William C. Shiel Jr., MD, FACP, FACR
Dr. Shiel received a Bachelor of Science degree with honors from the University of Notre Dame. There he was involved in research in radiation biology and received the Huisking Scholarship. After graduating from St. Louis University School of Medicine, he completed his Internal Medicine residency and Rheumatology fellowship at the University of California, Irvine. He is board-certified in Internal Medicine and Rheumatology.
In this Article
- Dialysis Facts
- What is dialysis?
- When do patients require dialysis?
- What types of dialysis are there?
- What does the patient do during dialysis?
- What are the advantages of the different types of dialysis?
- How can patients learn more about dialysis?
- Find a local Nephrologist in your town
When do patients require dialysis?
Patients usually require dialysis when the waste products in their body become so high that they start to become sick from them. The level of the waste products usually builds up slowly. Doctors measure several blood chemical levels to help decide when dialysis is necessary. The two major blood chemical levels that are measured are the "creatinine level" and the "blood urea nitrogen" (BUN) level. As these two levels rise, they are indicators of the decreasing ability of the kidneys to cleanse the body of waste products.
Doctors use a urine test, the "creatinine clearance," to measure the level of kidney function. The patient saves urine in a special container for one full day. The waste products in the urine and in the blood are estimated by measuring the creatinine. By comparing the blood and urine level of this substance, the doctor has an accurate idea of how well the kidneys are working. This result is called the creatinine clearance. Usually, when the creatinine clearance falls to 10-12 cc/minute, the patient needs dialysis.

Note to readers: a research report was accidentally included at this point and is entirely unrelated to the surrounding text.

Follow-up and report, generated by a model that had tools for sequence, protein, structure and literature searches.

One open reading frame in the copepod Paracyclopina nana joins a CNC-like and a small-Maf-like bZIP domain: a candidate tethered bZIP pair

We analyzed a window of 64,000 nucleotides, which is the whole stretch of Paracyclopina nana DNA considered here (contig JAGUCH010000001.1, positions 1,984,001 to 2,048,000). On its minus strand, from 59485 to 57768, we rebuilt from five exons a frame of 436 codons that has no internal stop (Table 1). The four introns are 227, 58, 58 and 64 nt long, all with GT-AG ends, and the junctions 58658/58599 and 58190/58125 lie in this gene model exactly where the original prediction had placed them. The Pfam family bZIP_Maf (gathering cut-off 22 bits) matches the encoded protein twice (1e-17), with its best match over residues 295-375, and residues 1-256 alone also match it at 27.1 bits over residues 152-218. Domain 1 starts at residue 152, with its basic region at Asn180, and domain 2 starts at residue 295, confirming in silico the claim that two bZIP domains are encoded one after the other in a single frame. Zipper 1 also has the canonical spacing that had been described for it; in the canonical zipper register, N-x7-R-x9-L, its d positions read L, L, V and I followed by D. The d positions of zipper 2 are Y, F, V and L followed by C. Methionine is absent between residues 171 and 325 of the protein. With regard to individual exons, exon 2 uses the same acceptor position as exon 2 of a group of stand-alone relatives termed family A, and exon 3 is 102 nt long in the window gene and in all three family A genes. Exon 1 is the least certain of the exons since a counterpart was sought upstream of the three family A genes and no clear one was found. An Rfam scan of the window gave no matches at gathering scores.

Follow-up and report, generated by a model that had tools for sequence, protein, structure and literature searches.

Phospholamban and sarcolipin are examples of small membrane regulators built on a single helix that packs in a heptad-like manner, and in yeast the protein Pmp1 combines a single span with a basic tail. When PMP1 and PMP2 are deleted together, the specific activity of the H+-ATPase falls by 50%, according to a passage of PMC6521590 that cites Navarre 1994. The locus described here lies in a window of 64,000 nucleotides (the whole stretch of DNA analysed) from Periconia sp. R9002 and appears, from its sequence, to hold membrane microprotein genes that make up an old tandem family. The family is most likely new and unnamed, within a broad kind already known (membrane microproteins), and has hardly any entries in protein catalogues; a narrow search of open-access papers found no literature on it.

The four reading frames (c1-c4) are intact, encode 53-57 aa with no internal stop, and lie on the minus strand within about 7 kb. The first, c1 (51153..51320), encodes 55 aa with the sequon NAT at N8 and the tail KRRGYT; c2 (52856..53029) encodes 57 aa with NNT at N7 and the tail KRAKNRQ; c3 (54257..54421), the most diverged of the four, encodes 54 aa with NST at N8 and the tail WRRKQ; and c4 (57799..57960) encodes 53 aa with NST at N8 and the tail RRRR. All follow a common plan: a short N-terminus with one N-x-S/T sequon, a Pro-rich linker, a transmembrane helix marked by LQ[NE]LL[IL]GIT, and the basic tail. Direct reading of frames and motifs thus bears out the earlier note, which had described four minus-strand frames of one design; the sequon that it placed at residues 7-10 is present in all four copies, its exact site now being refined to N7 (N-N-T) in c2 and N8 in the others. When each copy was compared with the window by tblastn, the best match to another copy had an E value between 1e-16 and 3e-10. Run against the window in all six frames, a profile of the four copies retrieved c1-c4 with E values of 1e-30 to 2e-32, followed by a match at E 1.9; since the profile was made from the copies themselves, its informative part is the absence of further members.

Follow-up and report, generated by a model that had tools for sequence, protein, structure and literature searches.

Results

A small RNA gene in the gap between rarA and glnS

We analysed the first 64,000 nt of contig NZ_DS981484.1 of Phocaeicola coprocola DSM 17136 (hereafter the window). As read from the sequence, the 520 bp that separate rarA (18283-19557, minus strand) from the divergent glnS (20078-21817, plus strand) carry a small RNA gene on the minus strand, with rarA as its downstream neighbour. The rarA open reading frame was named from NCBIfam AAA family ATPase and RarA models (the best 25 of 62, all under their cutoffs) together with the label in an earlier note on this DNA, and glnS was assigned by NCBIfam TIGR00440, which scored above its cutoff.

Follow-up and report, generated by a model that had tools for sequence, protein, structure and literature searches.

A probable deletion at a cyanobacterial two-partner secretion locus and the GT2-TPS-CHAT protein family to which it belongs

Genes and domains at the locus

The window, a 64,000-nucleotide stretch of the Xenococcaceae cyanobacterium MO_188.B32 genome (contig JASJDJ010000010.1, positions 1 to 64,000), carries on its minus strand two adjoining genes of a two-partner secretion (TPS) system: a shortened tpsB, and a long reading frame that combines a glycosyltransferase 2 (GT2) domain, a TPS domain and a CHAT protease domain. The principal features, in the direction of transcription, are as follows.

The doctor uses other indicators of the patient's status to decide about the need for dialysis. If the patient is experiencing a major inability to rid the body of excess water, or is complaining of problems with the heart, lungs, or stomach, or difficulties with taste or sensation in their legs, dialysis may be indicated even though the creatinine clearance has not fallen to the 10-12 cc/minute level.
What types of dialysis are there?
There are two main types of dialysis: "hemodialysis" and "peritoneal dialysis." Hemodialysis uses a special type of filter to remove excess waste products and water from the body. Peritoneal dialysis uses a fluid that is placed into the patient's stomach cavity through a special plastic tube to remove excess waste products and fluid from the body.
During hemodialysis, blood passes from the patient's body through a filter in the dialysis machine, called a "dialysis membrane." For this procedure, the patient has a specialized plastic tube placed between an artery and a vein in the arm or leg (called a "gortex graft"). Sometimes, a direct connection is made between an artery and a vein in the arm. This procedure is called a "Cimino fistula." Needles are then placed in the graft or fistula, and blood passes to the dialysis machine, through the filter, and back to the patient. In the dialysis machine, a solution on the other side of the filter receives the waste products from the patient.
Peritoneal dialysis uses the patients own body tissues inside of the belly (abdominal cavity) to act as the filter. The intestines lie in the abdominal cavity, the space between the abdominal wall and the spine. A plastic tube called a "dialysis catheter" is placed through the abdominal wall into the abdominal cavity. A special fluid is then flushed into the abdominal cavity and washes around the intestines. The intestinal walls act as a filter between this fluid and the blood stream. By using different types of solutions, waste products and excess water can be removed from the body through this process.
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